Marijuana reform in 2022 ran the gamut, with three new states legalizing cannabis for adult use and an ideologically diverse mix of other states advancing policy changes that touch on everything from expungements to workplace protections for consumers.
A new report published by NORML on Monday puts the year into context, highlighting just how active advocates and lawmakers were as they’ve bucked the status quo of prohibition and sought out new policy that builds on the ever-expanding cannabis reform movement.
As of the year’s end, 21 states have now legalized recreational marijuana, and the vast majority of states have some form of medical access.
“Voters and lawmakers took significant steps this year to repeal marijuana prohibition laws and to provide relief to those tens millions of Americans who have suffered as a result of them,” NORML Deputy Director Paul Armentano said in a press release.
While most headlines focus on legalization—and there were some reform setbacks such as the defeat of three ballot measures in traditionally conservative states—advocates are also ending the year having achieved a number of important, albeit less widely publicized, victories.
NORML’s report places the ballot and legislative developments into eight categories: legalization, expungement, medical marijuana, workplace drug testing, equity, juveniles, industry and miscellaneous.
Here are some of the key highlights:
Three states legalized marijuana for adult use this year: Maryland, Missouri and Rhode Island. The first two were approved by voters through ballot initiatives, while Rhode Island’s legislature passed the state’s reform that was signed into law by Gov. Dan McKee (D). (Recreational sales started in the Ocean State at the beginning of the month.)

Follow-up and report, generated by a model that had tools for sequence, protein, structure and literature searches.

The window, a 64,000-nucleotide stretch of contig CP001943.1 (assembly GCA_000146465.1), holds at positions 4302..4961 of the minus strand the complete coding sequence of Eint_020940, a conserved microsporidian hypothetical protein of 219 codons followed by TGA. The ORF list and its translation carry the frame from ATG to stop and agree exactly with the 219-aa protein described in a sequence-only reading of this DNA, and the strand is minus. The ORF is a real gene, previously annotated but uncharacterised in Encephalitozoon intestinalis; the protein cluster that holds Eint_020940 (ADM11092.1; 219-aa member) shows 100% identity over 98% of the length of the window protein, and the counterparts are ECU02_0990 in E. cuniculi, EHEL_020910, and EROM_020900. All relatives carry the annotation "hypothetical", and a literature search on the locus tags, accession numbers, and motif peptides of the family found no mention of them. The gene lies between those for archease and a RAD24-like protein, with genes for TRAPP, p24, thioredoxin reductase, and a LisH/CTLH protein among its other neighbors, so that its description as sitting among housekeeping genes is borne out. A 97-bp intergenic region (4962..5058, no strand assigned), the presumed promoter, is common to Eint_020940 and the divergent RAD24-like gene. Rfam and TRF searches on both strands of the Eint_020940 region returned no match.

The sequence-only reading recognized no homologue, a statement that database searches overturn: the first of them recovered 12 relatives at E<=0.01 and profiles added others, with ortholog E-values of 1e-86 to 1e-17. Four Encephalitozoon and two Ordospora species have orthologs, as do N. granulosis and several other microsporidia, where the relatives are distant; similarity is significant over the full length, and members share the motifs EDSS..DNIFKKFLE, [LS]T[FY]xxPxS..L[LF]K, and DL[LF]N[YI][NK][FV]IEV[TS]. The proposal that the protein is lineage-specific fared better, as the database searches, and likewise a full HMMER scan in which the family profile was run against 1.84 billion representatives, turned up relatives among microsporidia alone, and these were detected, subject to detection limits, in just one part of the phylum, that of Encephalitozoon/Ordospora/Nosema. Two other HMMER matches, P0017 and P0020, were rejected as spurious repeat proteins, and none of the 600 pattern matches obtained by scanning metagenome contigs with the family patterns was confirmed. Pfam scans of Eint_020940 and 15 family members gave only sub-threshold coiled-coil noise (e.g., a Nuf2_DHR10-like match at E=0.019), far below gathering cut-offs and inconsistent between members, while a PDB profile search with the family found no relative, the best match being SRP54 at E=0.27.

There were, however, a number of states where legalization advanced through state legislatures, and where activists had sought to pass the reform on the ballot, but were not successful this year.
Legislatures in California, Colorado and Illinois each approved bills dealing with cannabis expungements or record sealing.
In California, Gov. Gavin Newsom (D) signed legislation in September mandating that the courts process record sealing and other forms of relief for people with eligible cannabis convictions on their records in a specific timeframe.
Colorado’s governor similarly enacted a bill to streamline expungements, while Illinois’s governor signed a measure in June to make it so courts cannot deny petitions to expunge or seal records based on a positive drug test for marijuana.
Nearly a dozen states advanced medical cannabis reform this year, including Mississippi, where medical marijuana legalization was signed into law in February.
California expanded its medical cannabis program with a new law that prevents localities from blocking delivery services in their areas, which is meant to help close the access gap for patients.
Kentucky created a Center for Cannabis Research at the University of Kentucky to facilitate studies into the benefits and risks of marijuana. Meanwhile, Louisiana, meanwhile, expanded its program by allowing nurses to issue medical cannabis recommendation and let out-of-state patients with certain qualifying conditions access its dispensaries.